In 2023, the Panama Canal faces a significant fresh water challenge due to an extended dry season caused by the El Niño phenomenon. This phenomenon delayed the onset of the rainy season, leading to a deficit in water inflow from rainfall and rivers, particularly affecting the Gatun and Alhajuela lakes, vital to canal operations.
As of now, the daily water deficit stands at three cubic hectometers (hm³), equivalent to the volume of 1,200 Olympic-sized swimming pools. This shortage has resulted in the Gatun reservoir dropping seven feet below its typical level for this time of year, marking a historic low during the rainy season.
The El Niño-induced dry conditions have caused accumulated rainfall in the watershed to be 25.6% less than the 73-year average. Mitigating this fresh water scarcity would require extreme weather events, such as storms or hurricanes, which are unpredictable and undesirable.
To address this challenge, the Panama Canal is taking essential measures and operational adjustments to save 1.2 million cubic meters of water daily, equivalent to 80% of the daily consumption in nearby provinces. These actions aim to ensure a consistent fresh water supply for both canal operations and public consumption during the upcoming dry season, spanning from December 2023 to April 2024.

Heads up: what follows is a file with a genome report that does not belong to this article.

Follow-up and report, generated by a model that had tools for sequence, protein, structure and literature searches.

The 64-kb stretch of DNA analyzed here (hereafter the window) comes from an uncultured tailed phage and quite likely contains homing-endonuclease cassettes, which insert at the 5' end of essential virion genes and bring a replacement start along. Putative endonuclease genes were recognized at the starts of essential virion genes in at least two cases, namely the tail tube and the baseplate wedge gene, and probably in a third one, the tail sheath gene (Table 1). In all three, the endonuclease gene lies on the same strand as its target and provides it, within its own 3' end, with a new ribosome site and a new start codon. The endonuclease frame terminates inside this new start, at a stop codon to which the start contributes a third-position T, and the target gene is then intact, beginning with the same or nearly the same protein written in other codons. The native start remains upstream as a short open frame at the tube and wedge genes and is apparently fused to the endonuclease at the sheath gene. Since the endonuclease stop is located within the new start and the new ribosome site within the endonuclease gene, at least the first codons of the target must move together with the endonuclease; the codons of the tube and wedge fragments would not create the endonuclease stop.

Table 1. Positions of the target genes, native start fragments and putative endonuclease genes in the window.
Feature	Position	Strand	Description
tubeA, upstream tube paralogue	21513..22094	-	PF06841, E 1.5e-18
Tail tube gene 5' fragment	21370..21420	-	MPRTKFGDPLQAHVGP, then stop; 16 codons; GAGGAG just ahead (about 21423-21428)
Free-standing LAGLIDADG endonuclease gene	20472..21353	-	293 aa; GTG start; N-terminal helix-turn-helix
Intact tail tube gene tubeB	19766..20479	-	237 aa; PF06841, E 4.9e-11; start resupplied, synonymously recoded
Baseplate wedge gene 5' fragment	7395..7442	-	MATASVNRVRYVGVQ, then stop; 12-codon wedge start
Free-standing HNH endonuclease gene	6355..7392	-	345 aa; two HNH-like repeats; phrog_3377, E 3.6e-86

The next two months will be crucial for increasing water storage in the Gatun and Alhajuela reservoirs to ensure water regulation capacity for 2024's dry season. These efforts align with one of the canal's core strategic objectives: to guarantee the availability and quality of fresh water for both canal operations and public use.
Despite the unprecedented challenges posed by El Niño, the Panama Canal remains committed to fulfilling its responsibilities to the nation by addressing fresh water scarcity and ensuring the uninterrupted flow of global maritime trade through the iconic waterway.